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WWYD? Would you rehome?

(33 Posts)
DaniJade1990 Mon 27-Jul-15 21:25:25

Looking for some advice and honest opinions as I'm really confused. I am a first time dog owner and I posted last week about my beagle pup showing signs of aggression. Most of the time she is a lovely, normal bouncy pup but since posting her little signs of aggression have become more frequent and worrying. Today she lunged at my 5 year old dd, growling and trying to bite her hip. My friend and her bf came over and she went for both of them. I contacted a charity for beagles and have been following their advice but if I'm totally honest she frightens me when she is like that and I find it hard to deal with. I dont want to give up on her but i am frightened she will hurt my dd. Please dont flame me I really dont know what to do I dont have experience with dogs, only cats! Im so torn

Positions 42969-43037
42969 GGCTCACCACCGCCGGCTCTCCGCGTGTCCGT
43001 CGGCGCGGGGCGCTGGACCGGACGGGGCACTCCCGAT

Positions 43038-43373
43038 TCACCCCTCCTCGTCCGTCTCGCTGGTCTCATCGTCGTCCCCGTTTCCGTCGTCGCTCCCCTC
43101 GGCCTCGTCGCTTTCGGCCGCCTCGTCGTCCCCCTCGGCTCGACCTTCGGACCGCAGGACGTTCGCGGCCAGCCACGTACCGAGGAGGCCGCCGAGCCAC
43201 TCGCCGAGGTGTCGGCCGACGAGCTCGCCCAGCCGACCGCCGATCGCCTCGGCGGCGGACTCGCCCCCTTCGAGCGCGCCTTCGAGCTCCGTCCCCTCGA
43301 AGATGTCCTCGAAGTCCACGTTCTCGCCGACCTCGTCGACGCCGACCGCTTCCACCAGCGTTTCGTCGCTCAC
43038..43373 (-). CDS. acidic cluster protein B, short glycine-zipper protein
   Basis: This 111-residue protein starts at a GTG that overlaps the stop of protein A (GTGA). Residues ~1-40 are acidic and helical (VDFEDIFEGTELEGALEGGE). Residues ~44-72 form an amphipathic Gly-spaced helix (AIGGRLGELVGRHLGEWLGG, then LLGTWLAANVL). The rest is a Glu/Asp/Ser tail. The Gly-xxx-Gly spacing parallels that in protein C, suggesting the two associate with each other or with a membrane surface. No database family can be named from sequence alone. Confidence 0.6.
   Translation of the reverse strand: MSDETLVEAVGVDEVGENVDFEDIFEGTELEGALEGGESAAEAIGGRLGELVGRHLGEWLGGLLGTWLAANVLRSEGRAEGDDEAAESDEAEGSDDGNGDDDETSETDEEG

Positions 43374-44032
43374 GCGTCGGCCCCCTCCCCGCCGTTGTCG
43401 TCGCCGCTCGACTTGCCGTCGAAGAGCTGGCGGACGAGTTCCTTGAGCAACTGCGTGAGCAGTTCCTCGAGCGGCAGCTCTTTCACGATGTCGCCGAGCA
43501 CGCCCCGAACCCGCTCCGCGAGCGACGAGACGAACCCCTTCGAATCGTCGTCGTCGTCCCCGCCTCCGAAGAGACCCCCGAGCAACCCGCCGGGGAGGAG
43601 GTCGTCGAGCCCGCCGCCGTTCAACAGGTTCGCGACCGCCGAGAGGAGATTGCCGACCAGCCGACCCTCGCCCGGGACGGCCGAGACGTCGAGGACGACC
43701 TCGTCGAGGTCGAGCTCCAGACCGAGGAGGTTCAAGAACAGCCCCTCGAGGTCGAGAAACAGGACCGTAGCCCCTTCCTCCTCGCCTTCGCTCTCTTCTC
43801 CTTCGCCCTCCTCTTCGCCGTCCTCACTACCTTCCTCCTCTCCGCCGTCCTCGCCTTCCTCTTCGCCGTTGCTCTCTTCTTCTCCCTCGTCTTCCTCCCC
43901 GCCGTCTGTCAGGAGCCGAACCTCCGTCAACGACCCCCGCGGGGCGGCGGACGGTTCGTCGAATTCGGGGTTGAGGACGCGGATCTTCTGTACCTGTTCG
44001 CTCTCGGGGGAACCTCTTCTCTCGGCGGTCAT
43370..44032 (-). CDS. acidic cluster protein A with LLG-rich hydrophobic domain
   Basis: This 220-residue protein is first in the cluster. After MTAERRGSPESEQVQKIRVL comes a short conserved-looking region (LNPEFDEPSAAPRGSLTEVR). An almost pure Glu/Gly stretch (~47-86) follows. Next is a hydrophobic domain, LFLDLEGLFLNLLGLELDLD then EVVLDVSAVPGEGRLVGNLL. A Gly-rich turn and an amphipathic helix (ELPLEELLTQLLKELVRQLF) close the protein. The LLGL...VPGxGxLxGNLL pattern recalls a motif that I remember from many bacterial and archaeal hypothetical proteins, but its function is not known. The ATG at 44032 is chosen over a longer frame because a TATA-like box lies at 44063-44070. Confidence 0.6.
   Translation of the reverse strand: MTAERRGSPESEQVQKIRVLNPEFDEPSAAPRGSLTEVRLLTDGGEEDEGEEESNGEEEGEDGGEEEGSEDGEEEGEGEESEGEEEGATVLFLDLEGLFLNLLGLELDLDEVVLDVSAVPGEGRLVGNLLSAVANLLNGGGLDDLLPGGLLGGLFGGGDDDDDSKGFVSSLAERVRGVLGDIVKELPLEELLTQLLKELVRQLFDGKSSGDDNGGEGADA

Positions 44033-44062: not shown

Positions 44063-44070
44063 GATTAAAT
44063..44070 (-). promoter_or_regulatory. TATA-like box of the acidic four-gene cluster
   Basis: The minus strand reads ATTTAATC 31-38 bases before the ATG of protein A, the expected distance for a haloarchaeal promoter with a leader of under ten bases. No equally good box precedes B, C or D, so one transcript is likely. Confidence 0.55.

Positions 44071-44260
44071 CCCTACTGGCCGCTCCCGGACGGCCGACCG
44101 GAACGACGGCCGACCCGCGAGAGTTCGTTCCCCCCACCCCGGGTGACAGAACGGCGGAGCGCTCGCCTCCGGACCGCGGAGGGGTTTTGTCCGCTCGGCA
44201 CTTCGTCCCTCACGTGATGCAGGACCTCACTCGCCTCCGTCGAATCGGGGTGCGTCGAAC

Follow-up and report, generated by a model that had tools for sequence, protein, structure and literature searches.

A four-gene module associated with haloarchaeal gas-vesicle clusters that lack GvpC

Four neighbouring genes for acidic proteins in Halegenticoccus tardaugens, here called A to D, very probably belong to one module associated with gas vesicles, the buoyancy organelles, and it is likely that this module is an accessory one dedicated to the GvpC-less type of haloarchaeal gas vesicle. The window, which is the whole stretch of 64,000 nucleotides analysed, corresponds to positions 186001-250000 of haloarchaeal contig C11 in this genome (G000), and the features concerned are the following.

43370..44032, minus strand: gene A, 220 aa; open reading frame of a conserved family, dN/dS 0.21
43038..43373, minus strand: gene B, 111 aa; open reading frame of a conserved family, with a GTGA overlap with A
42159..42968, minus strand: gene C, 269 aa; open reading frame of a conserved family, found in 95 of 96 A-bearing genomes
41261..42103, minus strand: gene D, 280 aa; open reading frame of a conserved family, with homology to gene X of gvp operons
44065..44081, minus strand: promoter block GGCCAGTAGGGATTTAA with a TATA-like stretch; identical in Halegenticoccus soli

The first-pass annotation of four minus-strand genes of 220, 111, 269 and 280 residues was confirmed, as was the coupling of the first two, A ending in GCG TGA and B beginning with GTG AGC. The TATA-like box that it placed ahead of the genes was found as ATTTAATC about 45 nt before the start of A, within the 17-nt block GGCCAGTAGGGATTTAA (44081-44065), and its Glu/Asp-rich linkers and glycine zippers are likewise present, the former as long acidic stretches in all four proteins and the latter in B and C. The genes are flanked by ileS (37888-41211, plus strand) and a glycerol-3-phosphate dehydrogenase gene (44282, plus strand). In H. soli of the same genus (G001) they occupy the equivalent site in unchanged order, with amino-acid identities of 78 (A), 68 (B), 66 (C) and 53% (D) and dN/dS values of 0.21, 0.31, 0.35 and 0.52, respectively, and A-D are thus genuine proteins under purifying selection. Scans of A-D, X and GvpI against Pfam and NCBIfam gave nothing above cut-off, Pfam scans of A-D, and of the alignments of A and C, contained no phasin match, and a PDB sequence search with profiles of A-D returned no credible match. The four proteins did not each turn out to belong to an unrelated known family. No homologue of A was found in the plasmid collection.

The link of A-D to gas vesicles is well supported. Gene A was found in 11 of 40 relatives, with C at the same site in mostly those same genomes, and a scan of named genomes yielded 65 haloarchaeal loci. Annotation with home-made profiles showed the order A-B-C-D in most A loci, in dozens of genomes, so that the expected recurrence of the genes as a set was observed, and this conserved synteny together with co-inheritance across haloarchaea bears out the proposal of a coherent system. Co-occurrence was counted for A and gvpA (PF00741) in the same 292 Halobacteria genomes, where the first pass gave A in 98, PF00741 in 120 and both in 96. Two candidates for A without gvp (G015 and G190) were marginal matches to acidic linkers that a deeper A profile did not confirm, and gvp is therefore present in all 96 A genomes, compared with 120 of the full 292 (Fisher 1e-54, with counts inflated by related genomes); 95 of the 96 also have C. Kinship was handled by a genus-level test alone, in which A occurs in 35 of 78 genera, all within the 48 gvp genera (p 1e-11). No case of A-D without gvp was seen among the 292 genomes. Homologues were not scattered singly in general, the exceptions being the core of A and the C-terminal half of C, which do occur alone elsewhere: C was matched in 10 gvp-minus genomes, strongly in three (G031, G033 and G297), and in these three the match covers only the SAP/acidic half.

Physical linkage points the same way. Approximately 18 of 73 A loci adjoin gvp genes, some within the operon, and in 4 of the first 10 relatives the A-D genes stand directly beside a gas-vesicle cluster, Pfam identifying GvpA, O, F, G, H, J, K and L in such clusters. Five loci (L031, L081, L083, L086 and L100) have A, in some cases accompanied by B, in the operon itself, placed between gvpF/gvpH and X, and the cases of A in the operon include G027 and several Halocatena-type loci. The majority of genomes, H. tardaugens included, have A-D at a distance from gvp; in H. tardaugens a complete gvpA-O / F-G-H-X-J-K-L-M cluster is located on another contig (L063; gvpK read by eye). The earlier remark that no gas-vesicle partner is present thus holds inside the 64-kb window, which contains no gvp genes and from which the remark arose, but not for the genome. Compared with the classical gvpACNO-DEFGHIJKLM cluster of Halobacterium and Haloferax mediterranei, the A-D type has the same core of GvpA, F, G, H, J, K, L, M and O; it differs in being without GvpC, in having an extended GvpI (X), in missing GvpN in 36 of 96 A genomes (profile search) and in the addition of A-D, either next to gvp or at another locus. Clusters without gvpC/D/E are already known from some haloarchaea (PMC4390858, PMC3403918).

MuttonCadet Mon 27-Jul-15 21:28:22

Have you taken her to the vets to check there isn't an underlying (painful) condition that's affecting her?

If she's in good health then I'd go to a behaviourist and see what they say.

In the meantime don't leave her unattended with any children.

DaniJade1990 Mon 27-Jul-15 21:29:47

Yeah been at the vets a few times since I got her but they say she's healthy!

insanityscatching Mon 27-Jul-15 21:41:04

How old is she? Eric was really nippy up until he was about four months old. Yelping made him worse so he got a time out if he nipped dd. He was put behind the stairgate and ignored for a few minutes. He hated and still hates being away from us and being ignored so it was very effective pretty quickly because he's a clever dog and soon twigged that nipping would get him a time out.

Catzeyess Tue 28-Jul-15 09:16:06

I'm not a dog expert at all, but if it was me I would get a behaviourist in to assess her and see what they suggest and take it from there. If I found I could work to help prevent/manage the behaviour confidently I would go for it, but equally if you feel you can't manage the aggression don't feel guilty about rehoming her - you will have done your best for you and her and your family.